Jason Kelce’s Legacy Puts Him In an Untouched Category

Since retiring after 13 amazing, successful-beyond-reasonable-expectations, beer-soaked NFL seasons, Jason Kelce's fame has only increased. Legend, in this case, is not overblown.  

Kelce became a one-person category, the rare center who was renowned and relatable without acting like a celebrity. He sang. He chugged. He pancake-blocked. And, despite it all, he left one of sports' most interesting legacies.  

To that end, having accumulated a vast amount of Kelce reporting over the years, it seemed prudent to look back—at the man; never a myth, always a legend. This is Jason Kelce in his full glory.  

Consider the top centers in NFL history. Jim Otto. Chuck Bednarik. Mel Hein or Dwight Stephenson. Mike Webster, Dermontti Dawson, or Randy Cross.   

That club includes a Ringo (Otto of the Green Bay Packers), a four-time Super Bowl champion (Webster), and more than a dozen Hall of Famers. But how many of the best-ever centers commanded entire locker rooms,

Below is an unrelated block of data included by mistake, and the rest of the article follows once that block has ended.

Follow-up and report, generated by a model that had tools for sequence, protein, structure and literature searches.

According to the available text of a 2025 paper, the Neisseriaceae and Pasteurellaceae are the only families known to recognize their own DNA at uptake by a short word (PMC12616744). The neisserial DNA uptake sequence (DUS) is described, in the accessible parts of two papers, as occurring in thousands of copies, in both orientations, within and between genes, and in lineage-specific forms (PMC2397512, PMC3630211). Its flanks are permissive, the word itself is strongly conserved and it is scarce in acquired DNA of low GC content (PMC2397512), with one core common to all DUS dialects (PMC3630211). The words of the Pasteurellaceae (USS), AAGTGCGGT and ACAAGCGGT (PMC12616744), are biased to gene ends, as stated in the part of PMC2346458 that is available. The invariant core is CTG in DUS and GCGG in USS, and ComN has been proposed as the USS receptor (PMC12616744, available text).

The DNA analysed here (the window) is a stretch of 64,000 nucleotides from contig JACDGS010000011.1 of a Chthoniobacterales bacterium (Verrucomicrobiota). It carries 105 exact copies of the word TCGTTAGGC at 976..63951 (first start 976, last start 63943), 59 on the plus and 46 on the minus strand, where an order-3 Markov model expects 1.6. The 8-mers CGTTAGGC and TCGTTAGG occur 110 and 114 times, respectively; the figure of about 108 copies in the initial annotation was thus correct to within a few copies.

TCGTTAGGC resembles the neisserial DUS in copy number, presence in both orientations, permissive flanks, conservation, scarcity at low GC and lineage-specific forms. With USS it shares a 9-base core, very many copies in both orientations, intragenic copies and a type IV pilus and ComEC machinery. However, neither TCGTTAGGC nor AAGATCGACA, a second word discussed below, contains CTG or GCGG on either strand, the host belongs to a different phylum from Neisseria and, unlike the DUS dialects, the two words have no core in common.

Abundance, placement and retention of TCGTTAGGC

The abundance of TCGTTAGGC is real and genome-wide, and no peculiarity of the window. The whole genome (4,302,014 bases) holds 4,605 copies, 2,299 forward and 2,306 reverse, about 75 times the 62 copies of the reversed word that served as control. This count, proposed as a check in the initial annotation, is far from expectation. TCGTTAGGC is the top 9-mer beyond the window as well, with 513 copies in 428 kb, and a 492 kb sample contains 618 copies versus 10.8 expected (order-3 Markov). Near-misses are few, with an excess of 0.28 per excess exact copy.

surpassing superstars who made more money, promoted more brands, and couldn't drink a beer to save their lives? None. Not in the same way Kelce did.  

Kelce was the hub around which all other spokes in the Philadelphia Eagles locker room rotated. This sentiment grew so clear that when a rookie quarterback was crossing the perilous path from questioned prospect to locker room cornerstone,  

he determined the best way to improve both his leadership style and effectiveness was to study the center everyone else looked up to. So Jalen Hurts chose to (1) befriend Kelce, (2) learn from him by observing him closely, and (3) apply those principles in a leadership handoff of sorts.  

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